A few days before he was crucified Jesus was approached by two of his disciples, James and John, who asked if they could sit at his left hand and right hand when he came to his kingdom.
We are not told what they were expecting when they asked this, but from our general historical knowledge of the period and from hints in other parts in the New Testament, it seems that they expected Jesus to lead a rebellion against Roman rule and restore the kingdom to Israel, that he would rule Israel as a messianic king, and so they were asking for high posts in his government.
Jesus takes the opportunity of teaching his disciples about a new concept of leadership. The rulers of the nations, he said, lord it over them, and their great men exercise authoritiy over them, but among his followers the one who wants to be a prince, the first, should be the servant of all.
He also told James and John that they did not know what they were asking, and asked if they thoguht they could be baptised with the baptism he w3as to be baptised with. They said they could, but in fact could only understand this much later. Jesus said that the places at his left and right when he came to his kingdom had already been reserved, and within a week his disciples could see that, and for most of them the sight was too much and they ran away, for they could see that the places had been reserved for two criminals who had been crucified with him.
In all this, Jesus was showing that his kingdom is not of this world. His kingship is from elsewhere. Its values are different. The rulers of the nations lord it over their subjects, and their great men exercise authority over them, but Jesus represents a different kind of kingdom, and a different kind of leadership.
He tries to teach his disciples this, but they are slow to learn. He tells them, as they travel from Galilee to Judaea for the last time, that anyone who wants to follow him must take up his cross. For us the impact of that has been weakend, but in the contemporary Roman empire people took up crosses for only one purpose — to die on them. It was a method of execution reserved by the Romans for those who challenged their power, for rebels.
And Jesus shows that his kingdom is not like the kingdoms of this world in various ways. He enters Jerusallem on an ass, not a warhorse. He comes to his kingdom not as a conqueror, but as a peasant. Such had indeed been prophecied in the Old Testament, and some inhabitants recognised the symbolism, and greeted him with palms, but many were disappointed in their hopes, and within a week were shouting “Crucify him” before Pilate.
Jesus was a Messiah, an anointed king. But he was anointed, not on his head, by the high priest, in the temple, but rather on his feet, by a sinful woman, in a house. And finally, his throne is not in a palace, in the centre of the city, but outside the city walls, on the gibbet of the cross, and those on his left and right were two criminals executed with him.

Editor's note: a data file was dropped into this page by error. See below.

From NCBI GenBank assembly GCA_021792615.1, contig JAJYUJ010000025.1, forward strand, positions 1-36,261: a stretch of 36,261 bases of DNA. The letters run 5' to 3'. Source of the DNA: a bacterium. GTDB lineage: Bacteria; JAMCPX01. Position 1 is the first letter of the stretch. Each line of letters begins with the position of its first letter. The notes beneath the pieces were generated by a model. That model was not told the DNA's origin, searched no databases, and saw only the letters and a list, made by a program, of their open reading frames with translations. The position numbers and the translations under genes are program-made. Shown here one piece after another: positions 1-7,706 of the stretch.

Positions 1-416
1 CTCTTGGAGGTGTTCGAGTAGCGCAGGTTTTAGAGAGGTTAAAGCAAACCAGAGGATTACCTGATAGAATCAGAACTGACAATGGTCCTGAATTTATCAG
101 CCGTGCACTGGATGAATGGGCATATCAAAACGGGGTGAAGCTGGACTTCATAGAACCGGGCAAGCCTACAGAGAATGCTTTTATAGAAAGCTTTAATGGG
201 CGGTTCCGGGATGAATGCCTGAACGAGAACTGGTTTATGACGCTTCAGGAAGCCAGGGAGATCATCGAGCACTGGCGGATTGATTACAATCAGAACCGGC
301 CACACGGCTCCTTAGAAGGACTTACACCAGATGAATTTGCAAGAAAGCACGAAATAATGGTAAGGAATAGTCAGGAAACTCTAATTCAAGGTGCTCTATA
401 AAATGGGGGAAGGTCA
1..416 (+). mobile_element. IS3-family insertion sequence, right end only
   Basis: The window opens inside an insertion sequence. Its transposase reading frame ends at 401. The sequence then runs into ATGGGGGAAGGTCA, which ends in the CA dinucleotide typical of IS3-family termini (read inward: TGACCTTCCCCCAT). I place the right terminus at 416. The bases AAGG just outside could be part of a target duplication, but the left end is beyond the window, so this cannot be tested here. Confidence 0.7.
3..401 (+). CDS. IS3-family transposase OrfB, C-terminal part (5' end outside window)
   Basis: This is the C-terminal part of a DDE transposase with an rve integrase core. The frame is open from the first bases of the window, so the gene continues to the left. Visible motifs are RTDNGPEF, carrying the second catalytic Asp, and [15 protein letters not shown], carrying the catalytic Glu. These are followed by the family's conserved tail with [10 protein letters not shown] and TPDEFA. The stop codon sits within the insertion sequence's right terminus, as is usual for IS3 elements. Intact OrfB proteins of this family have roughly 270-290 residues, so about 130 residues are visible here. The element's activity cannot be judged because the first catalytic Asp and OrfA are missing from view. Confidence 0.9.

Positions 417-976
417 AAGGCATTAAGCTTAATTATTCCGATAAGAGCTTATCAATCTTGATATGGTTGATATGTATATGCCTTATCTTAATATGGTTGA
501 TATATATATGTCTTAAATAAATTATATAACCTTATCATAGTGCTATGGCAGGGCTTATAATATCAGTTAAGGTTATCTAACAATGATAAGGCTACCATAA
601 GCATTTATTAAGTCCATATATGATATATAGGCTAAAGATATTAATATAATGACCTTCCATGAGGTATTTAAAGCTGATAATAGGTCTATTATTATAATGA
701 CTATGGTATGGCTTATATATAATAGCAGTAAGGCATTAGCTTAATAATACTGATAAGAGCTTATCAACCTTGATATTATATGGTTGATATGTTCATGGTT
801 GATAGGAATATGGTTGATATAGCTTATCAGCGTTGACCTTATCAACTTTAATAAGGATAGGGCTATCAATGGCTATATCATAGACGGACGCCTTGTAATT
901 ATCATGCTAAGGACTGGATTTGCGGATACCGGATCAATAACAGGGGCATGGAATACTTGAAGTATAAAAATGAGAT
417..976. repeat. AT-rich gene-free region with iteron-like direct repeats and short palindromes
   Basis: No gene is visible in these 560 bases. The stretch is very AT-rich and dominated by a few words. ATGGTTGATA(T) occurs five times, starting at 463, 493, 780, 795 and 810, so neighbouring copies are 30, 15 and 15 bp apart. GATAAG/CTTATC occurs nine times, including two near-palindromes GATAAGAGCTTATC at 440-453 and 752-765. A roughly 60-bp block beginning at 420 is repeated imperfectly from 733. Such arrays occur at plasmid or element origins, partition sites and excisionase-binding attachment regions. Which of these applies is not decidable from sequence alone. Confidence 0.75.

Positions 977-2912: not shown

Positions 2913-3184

The cross was an insturment of death, but God used it to bring life to the world. The world pushed Jesus our of the world and on to the cross, and to get rid of him as a troublemaker, one who rocked the boat and upset its values. But God made the instument of death into the instrument of life, and ever since Christians have acknowledged that they belong to a kingdom not of this world by the sign of the life-giving cross.
In all this Jesus turns earthly ideas of kingship and leadership upside down.
We like to claim all sorts of things for ourselves, but the only thing that is truly ours is a grave, the cross. Jesus claimed nothing: he was born in a borrowed stable and buried in a borrowed grave. He has nothing, and yet he has everything.
In the 2000-odd years that have elapsed since his birth in the borrowed stable, in a cave, a hole in the earth, his followers have often betrayed him. We have found it too easy to become like the rulers of the nations. Christian leaders are sometimes seen with the fanciest cars, living in luxury, and enjoying all the perks enjoyed by the leaders of this world, the politicians and business leaders who ensure that they are well-paid while ordinary people starve.
But Jesus said, “it is not to be so among you.”
This post is part of a synchroblog on leadership.
Here are other posts on the topic:
- Jonathan Brink – Letter To The President
- Adam Gonnerman – Aspiring to the Episcopate
- Kai – Leadership – Is Servant Leadership a Broken Model?
- Sally Coleman – In the world but not of it- servant leadership for the 21st Century Church
- Alan Knox – Submission is given not taken
- Joe Miller – Elders Lead a Healthy Family: The Future
- Cobus van Wyngaard – Empowering leadership
- Steve Hayes – Servant leadership
- Geoff Matheson – Leadership
- John Smulo – Australian Leadership Lessons
- Helen Mildenhall – Leadership
- Tyler Savage – Moral Leadership – Is it what we need?
- Bryan Riley – Leading is to Listen and Obey
- Susan Barnes – Give someone else a turn!
- Liz Dyer – A Funny Thing Happened On The Way To The Polls…
- Lionel Woods – Why Diverse Leadership is Good for America
- Julie Clawson – Leadership Expectations
- Ellen Haroutunian – A New Kind Of Leadership
- Matt Stone – Converting Leadership
- Steve Bradley – Lording or Leading?
- Adam Myers – Two types of Leadership
- Bethany Stedman – A Leadership Mosaic
- Kathy Escobar – I’m Pretty Sure This Book Won’t Make It On The Bestseller List
- Fuzzy Orthodoxy – Self Leadership
- Sonja Andrews – Leadership In An Age of Cholera
- Tara Hull – Leadership & Being A Single Mom
- Glen Hager – Election Day Ponderings On Leadership